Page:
IDK, lets say they had played ARod at short and Jeter had been willing to go to 2nd, who would have played third? As it was they got OPS+ of 100 from Cairo at 2b. If they didn't have a 3b that could have given them that then moving ARod to 3rd may still have been the best winning strategy. Also, in 2004 the Yankees were an all RH starting staff, so moving Jeter to 2b probably wasn't going to add much to team defense facing lineups loaded with LHH. I'd say it was a more ambiguous call, despite all the press it got at the time.

But it is certainly true that Jeter did appear at the time to be demanding what he wanted without regard to whether it was best for the team.

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5 hours ago, Tigermojo2 said:

We've tried the superstar route and it was fun but did not deliver a world series championship. Why not try a balanced approach and build a roster with depth? Investing so much into one player would be counter productive at this point. 

Astros, Indians and Dodgers seem to have benefited from having a superstar SS the last couple of seasons

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3 minutes ago, Tenacious D said:

Astros, Indians and Dodgers seem to have benefited from having a superstar SS the last couple of seasons

1 of those 3 delivered a championship and given how often Correra is hurt can we call him a superstar?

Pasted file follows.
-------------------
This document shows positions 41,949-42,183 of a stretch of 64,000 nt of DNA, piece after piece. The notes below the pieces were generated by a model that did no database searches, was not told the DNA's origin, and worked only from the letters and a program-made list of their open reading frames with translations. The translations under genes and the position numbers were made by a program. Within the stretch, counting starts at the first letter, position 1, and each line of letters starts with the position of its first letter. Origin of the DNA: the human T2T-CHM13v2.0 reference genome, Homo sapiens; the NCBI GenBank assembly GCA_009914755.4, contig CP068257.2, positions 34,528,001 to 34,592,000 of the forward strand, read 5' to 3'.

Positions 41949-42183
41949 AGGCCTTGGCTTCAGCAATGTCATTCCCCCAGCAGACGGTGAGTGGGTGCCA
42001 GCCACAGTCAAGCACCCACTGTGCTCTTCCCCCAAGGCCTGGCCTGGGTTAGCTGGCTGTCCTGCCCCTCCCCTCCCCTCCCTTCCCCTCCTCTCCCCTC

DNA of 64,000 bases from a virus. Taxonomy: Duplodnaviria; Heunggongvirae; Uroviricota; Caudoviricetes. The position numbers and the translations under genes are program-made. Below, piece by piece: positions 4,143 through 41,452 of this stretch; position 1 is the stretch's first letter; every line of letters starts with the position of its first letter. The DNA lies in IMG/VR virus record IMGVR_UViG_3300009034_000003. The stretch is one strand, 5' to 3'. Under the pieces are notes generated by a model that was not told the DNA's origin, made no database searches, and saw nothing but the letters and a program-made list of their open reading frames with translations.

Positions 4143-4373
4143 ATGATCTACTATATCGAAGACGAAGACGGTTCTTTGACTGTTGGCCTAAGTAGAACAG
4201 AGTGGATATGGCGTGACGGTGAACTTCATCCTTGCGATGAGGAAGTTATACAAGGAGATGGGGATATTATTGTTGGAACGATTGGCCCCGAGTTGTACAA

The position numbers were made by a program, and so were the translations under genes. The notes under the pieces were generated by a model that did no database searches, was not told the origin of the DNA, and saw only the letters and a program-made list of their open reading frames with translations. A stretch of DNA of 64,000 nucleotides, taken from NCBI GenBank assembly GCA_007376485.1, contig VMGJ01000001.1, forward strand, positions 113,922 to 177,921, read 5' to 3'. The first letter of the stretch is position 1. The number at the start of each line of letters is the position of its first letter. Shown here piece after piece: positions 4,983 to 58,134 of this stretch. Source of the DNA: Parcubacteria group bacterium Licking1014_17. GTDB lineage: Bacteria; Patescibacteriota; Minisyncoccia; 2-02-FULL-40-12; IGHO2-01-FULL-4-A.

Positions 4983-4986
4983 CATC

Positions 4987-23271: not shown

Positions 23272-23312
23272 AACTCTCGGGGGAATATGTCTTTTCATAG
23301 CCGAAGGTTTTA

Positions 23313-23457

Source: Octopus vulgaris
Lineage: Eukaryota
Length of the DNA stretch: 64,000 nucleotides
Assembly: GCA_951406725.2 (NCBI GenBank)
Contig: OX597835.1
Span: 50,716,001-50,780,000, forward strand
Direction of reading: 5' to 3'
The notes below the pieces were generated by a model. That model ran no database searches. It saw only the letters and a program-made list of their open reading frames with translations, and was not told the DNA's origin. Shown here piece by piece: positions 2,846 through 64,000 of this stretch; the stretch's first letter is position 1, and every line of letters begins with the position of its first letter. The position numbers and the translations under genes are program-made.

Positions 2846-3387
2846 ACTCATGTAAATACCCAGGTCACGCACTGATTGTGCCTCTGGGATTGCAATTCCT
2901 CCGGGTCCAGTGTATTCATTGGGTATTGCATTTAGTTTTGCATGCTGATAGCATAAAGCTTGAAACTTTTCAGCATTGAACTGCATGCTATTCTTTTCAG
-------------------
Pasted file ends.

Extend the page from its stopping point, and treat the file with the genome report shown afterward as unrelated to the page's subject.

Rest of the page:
And I don't think the orginal post meant no really good players. Every good team has them, that's what makes them good. He was referring to the stars and scrubs approach we had instead of something more along the lines of Boston or Astros where you might have one superstar in the lineup instead of 3 and then 8 really good players instead of 2

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I’m still advocating for Machado.  The perfect acquisition for this team.  Build around him and Cabrera (because you have to)

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34 minutes ago, Tenacious D said:

Astros, Indians and Dodgers seem to have benefited from having a superstar SS the last couple of seasons

What percentage of their teams' payroll are they making? They developed or traded for those players. They didn't pay them hundreds of millions. The Tigers should develop their own players. There is a limit to how much money they can spend. Mr. I couldn't buy superstars for the bench or bullpen or minor league replacements. Tying so many resources to one player would be a mistake. 

It would make more sense to emulate the Astros and Indians during their rebuilding phases rather than sign a good shortstop because contending teams have good shortstops. Contending teams have a lot of good players and the 25 man roster is not enough. Every team has to get the most out of their 40 man roster in order to contend. 

For those wondering, I've been here since 2002 just as 1 instead of 2. Mostly just lurking since I didn't reclaim my original account back when things changed. 

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46 minutes ago, Tigermojo2 said: